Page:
Frances HaAndrew O'Dea
A story that follows a New York woman who throws herself headlong into her dreams.
"Frances Ha" is an unassuming and offbeat comedy about life, loves and messy rooms. Shot entirely in inky black and white against a New York City backdrop, the film's colour radiates from the whimsy and charm of the affable Frances. Her flawed character is an aimless yet endearing underachiever, and despite the glaring criticisms her questionable life-choices might draw, her gleeful exuberance and goofball nature has an appeal which makes her disarmingly likeable. An affectionate salute to our disjointed lives; fall for Frances.
The TurningAnne Murphy
A collection of 17 short films, each episode drawn from a different chapter of the book.
Each of the individual pieces to this film is a minor masterpiece, poignant in its own way, familiar stories of longing and regret in an unmistakably Australian setting. Presented as one three hour movie, "The Turning" asks much of its audience. The trouble is that the central linking thread is not always apparent, as each piece has its own writer, director and cast. It's not straightforward to spot the same characters in different stories; they’re more connected in the book than they appear on the screen. Quite a turn of events.
Mood IndigoAnthony Macali
A woman suffers from an unusual illness caused by a flower growing in her lungs.
"Mood Indigo" is out-there. Riding a fine line between wild creativity and self-indulgence, there are numerous moments of tedious viewing. While the setting appears to be the real world, most of the objects and people we're normally familiar with interact in very peculiar ways. The dreamlike blend of reality and quirkiness is weird, alienating the audience from the characters and their struggles. Despite the subject matter, it's a difficult story to treat seriously. You've got to be in the right mood for this perplexing mess.
In the year 2154, a man takes on a mission that could bring equality to a grossly polarised Earth.
"Elysium" is an absorbing sci-fi adventure loaded with allegory. Although the political overtones can be heavy-handed at times, it's always refreshing to view a movie where the guns and explosions are balanced by an intelligent and relevant social conscience.The production values are superb, and impressive visuals add weight to a succession of gritty action sequences full of gory violence and splatter. While the conclusion is a little predictable, the brisk pacing and intensity make this film about dystopian class division exciting and imaginative enough to entertain.
Behind the CandelabraThomas Jones
The tempestuous relationship between Liberace and his (much younger) lover is recounted.
Surprisingly, for a film about a figure as flamboyant as Liberace, it’s a little dark. The central relationship spirals into some very odd and destructive behaviour; imagine your boyfriend wanting to adopt you as his son. From the fashions and furnishings, to the stigmas surrounding homosexuality, this film accurately captures the era with which it is set. Though at times it does become a bit farcical, there are award-worthy performances all round, particularly from the man who is the candelabra.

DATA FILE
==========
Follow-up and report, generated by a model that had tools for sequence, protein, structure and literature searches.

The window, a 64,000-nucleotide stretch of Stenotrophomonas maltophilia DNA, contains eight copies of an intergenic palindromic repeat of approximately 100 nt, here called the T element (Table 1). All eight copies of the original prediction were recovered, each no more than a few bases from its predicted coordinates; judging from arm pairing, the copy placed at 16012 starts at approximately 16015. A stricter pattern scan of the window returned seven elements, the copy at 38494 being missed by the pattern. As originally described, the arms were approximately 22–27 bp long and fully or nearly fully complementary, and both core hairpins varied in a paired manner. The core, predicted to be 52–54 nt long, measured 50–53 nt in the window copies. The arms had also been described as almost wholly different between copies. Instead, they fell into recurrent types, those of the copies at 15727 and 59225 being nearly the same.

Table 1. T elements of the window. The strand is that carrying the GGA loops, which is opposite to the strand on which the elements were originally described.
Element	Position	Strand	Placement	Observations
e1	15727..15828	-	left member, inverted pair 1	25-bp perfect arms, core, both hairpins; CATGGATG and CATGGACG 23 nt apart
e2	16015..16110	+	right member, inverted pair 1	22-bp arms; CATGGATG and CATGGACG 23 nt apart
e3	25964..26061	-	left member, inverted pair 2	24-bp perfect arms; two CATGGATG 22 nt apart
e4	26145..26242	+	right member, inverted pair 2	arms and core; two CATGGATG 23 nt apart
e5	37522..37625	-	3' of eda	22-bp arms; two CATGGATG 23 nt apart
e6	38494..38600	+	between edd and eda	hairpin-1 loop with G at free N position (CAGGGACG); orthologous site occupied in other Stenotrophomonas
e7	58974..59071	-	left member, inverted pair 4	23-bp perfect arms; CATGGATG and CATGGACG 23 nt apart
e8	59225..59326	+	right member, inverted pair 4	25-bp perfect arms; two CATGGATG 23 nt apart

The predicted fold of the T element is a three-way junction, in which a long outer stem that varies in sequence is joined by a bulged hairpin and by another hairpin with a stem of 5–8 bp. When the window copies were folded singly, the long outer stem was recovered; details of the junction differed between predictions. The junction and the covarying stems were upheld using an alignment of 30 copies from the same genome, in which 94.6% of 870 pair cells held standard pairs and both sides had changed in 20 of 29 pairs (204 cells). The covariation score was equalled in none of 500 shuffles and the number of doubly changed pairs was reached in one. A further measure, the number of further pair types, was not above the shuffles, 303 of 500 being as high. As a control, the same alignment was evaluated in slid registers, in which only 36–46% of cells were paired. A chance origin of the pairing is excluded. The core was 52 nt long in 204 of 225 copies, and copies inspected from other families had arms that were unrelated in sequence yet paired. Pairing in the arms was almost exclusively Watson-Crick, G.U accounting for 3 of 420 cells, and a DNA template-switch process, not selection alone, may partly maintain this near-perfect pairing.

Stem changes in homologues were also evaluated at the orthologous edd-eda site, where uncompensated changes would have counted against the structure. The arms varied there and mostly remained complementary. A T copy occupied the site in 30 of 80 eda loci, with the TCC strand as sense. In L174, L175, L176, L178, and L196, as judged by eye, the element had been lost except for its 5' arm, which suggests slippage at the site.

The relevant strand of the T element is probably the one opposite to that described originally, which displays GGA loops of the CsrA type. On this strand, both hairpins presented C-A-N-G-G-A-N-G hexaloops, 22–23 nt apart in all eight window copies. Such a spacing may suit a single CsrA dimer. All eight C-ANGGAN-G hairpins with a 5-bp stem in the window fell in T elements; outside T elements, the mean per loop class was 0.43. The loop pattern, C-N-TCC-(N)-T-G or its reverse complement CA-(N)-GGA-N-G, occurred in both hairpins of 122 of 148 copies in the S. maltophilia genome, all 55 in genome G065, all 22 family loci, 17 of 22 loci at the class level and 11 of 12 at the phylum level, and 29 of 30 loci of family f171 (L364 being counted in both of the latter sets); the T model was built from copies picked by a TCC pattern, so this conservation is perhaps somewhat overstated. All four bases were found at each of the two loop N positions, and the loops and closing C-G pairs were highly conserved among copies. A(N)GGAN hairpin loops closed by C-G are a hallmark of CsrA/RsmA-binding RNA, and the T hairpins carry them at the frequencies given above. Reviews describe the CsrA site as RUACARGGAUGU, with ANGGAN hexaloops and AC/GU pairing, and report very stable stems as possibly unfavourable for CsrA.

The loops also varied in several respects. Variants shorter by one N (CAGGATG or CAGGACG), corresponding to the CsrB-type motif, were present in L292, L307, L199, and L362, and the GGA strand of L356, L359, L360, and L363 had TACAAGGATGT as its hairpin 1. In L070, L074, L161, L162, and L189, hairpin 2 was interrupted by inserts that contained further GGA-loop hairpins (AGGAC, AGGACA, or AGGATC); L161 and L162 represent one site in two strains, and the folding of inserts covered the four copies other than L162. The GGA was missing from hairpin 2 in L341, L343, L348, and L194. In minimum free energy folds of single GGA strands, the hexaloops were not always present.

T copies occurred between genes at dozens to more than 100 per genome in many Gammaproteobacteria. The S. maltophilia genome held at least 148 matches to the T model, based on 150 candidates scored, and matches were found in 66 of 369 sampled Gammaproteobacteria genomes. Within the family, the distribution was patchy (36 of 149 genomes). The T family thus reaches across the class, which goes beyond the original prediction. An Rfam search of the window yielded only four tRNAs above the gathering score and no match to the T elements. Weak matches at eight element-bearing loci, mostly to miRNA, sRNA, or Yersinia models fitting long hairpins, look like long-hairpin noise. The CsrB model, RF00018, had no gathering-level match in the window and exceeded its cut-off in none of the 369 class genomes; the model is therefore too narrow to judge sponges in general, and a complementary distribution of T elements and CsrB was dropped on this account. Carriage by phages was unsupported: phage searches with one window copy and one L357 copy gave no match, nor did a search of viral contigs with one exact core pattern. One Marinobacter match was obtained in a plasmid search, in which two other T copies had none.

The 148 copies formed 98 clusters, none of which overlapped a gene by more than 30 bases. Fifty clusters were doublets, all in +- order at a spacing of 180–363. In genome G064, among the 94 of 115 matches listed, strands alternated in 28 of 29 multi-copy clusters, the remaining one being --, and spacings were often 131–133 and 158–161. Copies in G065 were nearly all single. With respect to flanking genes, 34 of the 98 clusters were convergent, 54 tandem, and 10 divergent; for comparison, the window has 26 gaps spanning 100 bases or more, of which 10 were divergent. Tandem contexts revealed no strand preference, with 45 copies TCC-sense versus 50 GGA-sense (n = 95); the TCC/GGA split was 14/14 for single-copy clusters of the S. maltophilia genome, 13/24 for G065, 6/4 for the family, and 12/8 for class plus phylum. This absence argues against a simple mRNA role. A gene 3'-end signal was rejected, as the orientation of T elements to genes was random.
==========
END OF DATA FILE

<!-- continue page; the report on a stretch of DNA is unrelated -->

The Way Way BackAnthony Macali
14-year-old Duncan is having a rough time enjoying his vacation away with his mother and new boyfriend, until finds an unexpected friend in Owen, manager of the Water Wizz water park.
"The Way Way Back" is a coming-of-age tale that will make you wish for summertime. The warm beach-side is an interesting setting to play out the conflict, as the shy Duncan wrestles with the reality of his newly blended family. With the help of the most unexpected of strangers, he slowly gains confidence and there is great joy to be found in watching him grow. A wonderful mix of laughter and drama, held together by a fantastic cast. Take the vacation.
The RocketAnne Murphy
A boy who is believed to bring bad luck to everyone around him leads his family and two new friends through Laos to find a new home.
"The Rocket" plays as a crowd-pleaser, perhaps that's because the target audience is hard to define. The setting is post-war Laos and the protagonist is a child but there are scenes that might be confronting for children. The movie is pleasing, quite exhilarating, a crowd-pleaser must be a movie with such broad appeal that you enjoy it even if you don't identify as the target demographic. Not rocket science but it's a blast.
The Bling RingThomas Jones
Inspired by actual events, a group of fame-obsessed teenagers use the internet to track celebrities' whereabouts in order to rob their homes.
Anyone who admires or tries to emulate the lives of celebrities, prepare for disappointment. You'll find little inspiration here, except maybe the very cool soundtrack. This film does not glamorise, or popularise this culture, which is arguably a healthy step in the right direction. The characters have zero substance, except what they snort. They're not likable, funny, endearing, or worth pitying; their story isn't even compelling, just repetitive. Steal, party, steal, party, you get the picture.
The Best OfferAnne Murphy
A story centered on an eccentric art auctioneer and his obsession with an heiress/collector.